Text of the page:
Consumers of Higher Education in Australia : do the unfair contract term provisions in the Australian Consumer Law provide effective protection for students as consumers of educational services?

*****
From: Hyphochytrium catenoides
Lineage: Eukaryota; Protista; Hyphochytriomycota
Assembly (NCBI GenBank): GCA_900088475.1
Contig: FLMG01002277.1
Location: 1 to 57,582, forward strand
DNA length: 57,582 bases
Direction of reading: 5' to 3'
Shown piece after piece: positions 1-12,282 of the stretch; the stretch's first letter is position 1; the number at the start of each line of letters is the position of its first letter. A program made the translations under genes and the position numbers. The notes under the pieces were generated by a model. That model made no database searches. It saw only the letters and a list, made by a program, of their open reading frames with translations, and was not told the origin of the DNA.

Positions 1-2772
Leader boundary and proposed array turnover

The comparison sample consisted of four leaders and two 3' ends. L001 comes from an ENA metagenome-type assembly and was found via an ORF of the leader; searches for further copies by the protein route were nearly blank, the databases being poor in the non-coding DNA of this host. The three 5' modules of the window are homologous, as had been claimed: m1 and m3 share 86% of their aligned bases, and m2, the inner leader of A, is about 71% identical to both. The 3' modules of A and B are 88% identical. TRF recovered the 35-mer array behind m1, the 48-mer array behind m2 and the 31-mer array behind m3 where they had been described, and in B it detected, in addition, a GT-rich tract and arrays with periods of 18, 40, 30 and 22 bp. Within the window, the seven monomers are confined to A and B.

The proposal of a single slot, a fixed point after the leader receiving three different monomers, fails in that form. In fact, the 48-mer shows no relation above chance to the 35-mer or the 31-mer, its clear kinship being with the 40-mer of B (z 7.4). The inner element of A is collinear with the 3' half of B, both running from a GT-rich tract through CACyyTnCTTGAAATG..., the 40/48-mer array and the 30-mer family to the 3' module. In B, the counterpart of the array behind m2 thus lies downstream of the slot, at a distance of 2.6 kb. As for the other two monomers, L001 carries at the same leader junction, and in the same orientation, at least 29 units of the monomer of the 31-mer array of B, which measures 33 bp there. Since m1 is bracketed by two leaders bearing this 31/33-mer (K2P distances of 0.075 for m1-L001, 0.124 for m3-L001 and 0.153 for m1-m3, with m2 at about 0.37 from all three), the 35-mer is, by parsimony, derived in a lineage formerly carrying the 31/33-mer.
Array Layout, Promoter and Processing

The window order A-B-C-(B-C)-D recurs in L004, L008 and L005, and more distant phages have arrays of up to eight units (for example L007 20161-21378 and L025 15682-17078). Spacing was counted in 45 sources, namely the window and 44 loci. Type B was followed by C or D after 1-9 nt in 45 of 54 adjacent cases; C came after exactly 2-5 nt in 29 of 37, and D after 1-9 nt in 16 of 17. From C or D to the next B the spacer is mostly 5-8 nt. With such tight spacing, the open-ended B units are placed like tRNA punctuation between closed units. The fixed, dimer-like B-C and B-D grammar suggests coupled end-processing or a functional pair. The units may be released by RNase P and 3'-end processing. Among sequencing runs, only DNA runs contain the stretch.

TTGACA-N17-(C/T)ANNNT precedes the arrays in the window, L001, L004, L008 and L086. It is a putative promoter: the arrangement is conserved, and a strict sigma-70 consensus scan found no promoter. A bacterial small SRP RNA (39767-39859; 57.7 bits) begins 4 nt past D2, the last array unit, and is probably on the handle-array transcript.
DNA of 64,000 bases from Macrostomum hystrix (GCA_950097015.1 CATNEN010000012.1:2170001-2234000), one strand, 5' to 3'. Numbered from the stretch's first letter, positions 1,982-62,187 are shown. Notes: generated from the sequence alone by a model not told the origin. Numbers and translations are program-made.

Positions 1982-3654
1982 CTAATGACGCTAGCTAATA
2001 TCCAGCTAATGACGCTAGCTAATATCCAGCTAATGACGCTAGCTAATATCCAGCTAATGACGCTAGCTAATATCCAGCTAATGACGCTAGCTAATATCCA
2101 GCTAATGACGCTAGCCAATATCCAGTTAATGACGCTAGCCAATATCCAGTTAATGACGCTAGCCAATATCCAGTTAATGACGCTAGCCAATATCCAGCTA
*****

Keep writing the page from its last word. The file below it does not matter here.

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Extensive consumer protection legislation has existed in Australia for nearly four decades. The new Australian Consumer Law (‘ACL’) in schedule 2 of the Competition and Consumer Act 2010 (Cth) (‘CCA’)1 is the most significant change to consumer rights since the introduction of the Trade Practices Act 1974 (Cth) (‘TPA’). Over a corresponding period of time, the landscape of the higher education sector has been transformed into a culture of consumerism with the student at the centre as the consumer. However, students have seldom sought redress in relation to infringement of their rights as consumers under consumer protection legislation and more rarely successfully. It is recognised that some rights do accrue to students as consumers of educational services under the ACL, principally with regard to promotional activities of higher education institutions (‘HEI’).2 It is not certain that the ACL can provide effective protection for students as consumers of educational services beyond this known application to address issues regarding the nature of the service provided. This research is specifically concerned with whether the introduction of an Unfair Contract Terms (‘UCT’)3 regime in the ACL overcomes identifiable barriers faced by students using consumer protection as a means to ensure they receive services as promised and advances their rights as consumers.The ACL saw the introduction of an UCT regime, which previously had only existed in limited jurisdictions in Australia, notably Victoria, as a means of protection in consumer contracts. Now any term in a consumer contract that is an unfair term as defined under the ACL is void. The application of these provisions in the context of the student as a consumer of educational services will require first an assessment of whether there exists in Australia a contract between the student and HEI. Further, for the UCT to apply, the student–HEI contract must be a ‘standard form’ ‘consumer contract’4, for ‘services’ occurring in ‘trade or commerce’5. Importantly the analysis will identify any connection between the UCT provisions regarding substantive unfairness and the protection this affords students in the context of the provision of educational services, such as the design and delivery of courses, as distinct from promotional activities.Ordinarily, claims concerned with the nature of the educational service provided are considered matters that involve questions of academic judgement. Courts have been consistent in their reluctance to examine matters relating to the exercise of academic judgement and accordingly such matters are considered non-justiciable. The significance of the UCT provisions is that rather than just focusing on procedural unfairness, they attempt to deal with substantive unfairness.6 In the context of the student–HEI contract and provision of educational services, the UCT provisions have the potential to ensure that the student–HEI contract does not contain terms that are substantively unfair. Consequently, HEIs may now be obliged to provide educational services in a manner students might reasonably expect upon entering the student– HEI contract. Thus the new UCT regime may deal with claims concerning the provision of educational services more effectively than other actionable rights that require the court to examine matters of academic judgement in relation to the nature of educational services provided. The analysis will evaluate the implications for the higher education sector and make recommendations for change in the current practice.
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